DALLAS -- President Trump’s $1 trillion infrastructure renewal program will focus on providing incentives for public-private partnerships that can draw on private capital to finance, build, and operate roads, bridges, and airports, administration officials told state transportation leaders at a White House briefing.
The plan, which is expected to be unveiled this fall, will make it attractive for states and localities to draw private investments to infrastructure projects or even sell them to the private sector to fund new roads and bridges, said Mick Mulvaney, director of the Office of Management and Budget.
“We’re looking at breaking this up into pieces,” Mulvaney said. “The largest piece of the package is going to be wrapped around incentives.”
Mulvaney and Transportation Secretary Elaine Chao met with some 150 state, local, and tribal transportation officials Wednesday.
The incentives aimed at encouraging P3s probably won’t be able to bring in the private sector investments needed for projects in rural areas so they will need more direct federal funding, Mulvaney said.
“We’re talking about targeting some of the money just for rural projects,” he said.
The White House said in May that the $200 billion of new federal funding that will be proposed in President Trump’s infrastructure renewal program will include $25 billion of grants set aside for rural infrastructure projects and $100 billion that states and local entities could use for their own infrastructure needs.
There is a tremendous amount of private money on the sideline waiting to be invested in infrastructure renewal projects, said Michael Likosky, a principal and head of infrastructure at 32 Advisors.
“There is at least $140 billion sitting in infrastructure funds, ready to be deployed,” said Likosky. “That money is available today and comes largely from our pensions, insurers, sovereigns, and family offices. That doesn’t even include the large multinational firms that invest from their bank accounts.”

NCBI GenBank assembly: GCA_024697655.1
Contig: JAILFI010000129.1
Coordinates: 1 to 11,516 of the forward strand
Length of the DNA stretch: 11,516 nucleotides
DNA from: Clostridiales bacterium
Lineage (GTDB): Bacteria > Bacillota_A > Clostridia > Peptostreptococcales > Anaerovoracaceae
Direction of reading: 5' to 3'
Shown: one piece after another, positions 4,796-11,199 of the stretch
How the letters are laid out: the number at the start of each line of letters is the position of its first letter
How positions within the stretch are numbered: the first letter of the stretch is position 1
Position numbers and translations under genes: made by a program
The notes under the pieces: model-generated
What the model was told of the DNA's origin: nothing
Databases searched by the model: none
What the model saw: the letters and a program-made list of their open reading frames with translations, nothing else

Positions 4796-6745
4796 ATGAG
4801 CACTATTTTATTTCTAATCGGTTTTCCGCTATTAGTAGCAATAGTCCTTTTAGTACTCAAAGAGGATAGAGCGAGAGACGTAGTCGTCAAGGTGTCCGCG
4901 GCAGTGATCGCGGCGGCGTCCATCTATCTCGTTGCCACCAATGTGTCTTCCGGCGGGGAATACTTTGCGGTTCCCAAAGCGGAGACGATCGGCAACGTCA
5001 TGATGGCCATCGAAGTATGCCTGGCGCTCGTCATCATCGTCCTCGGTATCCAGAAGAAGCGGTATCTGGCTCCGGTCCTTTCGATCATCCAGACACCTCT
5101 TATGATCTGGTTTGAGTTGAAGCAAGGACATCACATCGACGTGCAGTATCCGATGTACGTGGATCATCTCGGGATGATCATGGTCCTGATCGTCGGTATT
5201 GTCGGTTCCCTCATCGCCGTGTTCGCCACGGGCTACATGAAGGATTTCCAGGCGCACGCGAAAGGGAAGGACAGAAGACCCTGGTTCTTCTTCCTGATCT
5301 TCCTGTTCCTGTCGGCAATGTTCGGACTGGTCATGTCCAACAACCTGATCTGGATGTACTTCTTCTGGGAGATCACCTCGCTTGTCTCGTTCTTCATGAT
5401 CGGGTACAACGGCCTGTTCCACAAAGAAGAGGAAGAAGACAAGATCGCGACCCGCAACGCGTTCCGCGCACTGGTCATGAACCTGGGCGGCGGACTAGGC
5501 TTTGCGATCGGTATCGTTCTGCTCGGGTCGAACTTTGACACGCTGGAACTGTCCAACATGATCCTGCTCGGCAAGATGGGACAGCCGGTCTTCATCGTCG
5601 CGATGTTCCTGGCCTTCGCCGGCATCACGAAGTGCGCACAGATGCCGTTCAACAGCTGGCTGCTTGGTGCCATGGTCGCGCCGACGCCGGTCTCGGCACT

Large domestic and multinational corporations are already investing in the U.S. infrastructure market by acquiring engineering and construction firms as the renewal effort gets underway, he said.
“You’re already seeing a tremendous upsurge in those mergers and acquisitions in California, which recently raised its gasoline tax to bring over $54 billion to the table over 10 years,” Likosky said.
The fear that a reliance on P3s that require a revenue source could mean more toll roads and bridges may be misplaced, he said.
“That’s a red herring,” Likosky said. “Most of the recent P3s have been based on availability payments, in which the operators receive annual payments, rather than toll revenues.”
States and local governments own almost all the public infrastructure in the U.S. and they should be deciding which projects should be funded rather than the federal government, said Transportation Secretary Elaine Chao.
“This administration wants to be your partner in repairing and revitalizing our country’s critical infrastructure,” Chao said. “The goal is to create a framework for infrastructure renewal that is more flexible and adaptable to the unique needs of your communities.”
Projects with assured financial support from private or public sources will have a higher likelihood of obtaining some of the new federal funding, she said.
The president is interested in transformative ways to build infrastructure projects with new technology, Mulvaney said, including the Hyperloop system of transporting passengers and freight in enclosed pods that would zip through buried vacuum tubes that has been proposed by Tesla and SpaceX developer Elon Musk.
“The president is very interested in trying to find that transformative, infrastructure technology, that is this close to being ready for market,” Mulvaney said. “The one everybody keeps talking about is Hyperloop.”
States and cities will be encouraged to sell some of their infrastructure assets to the private sector to raise money for new roads and airports, Mulvaney said.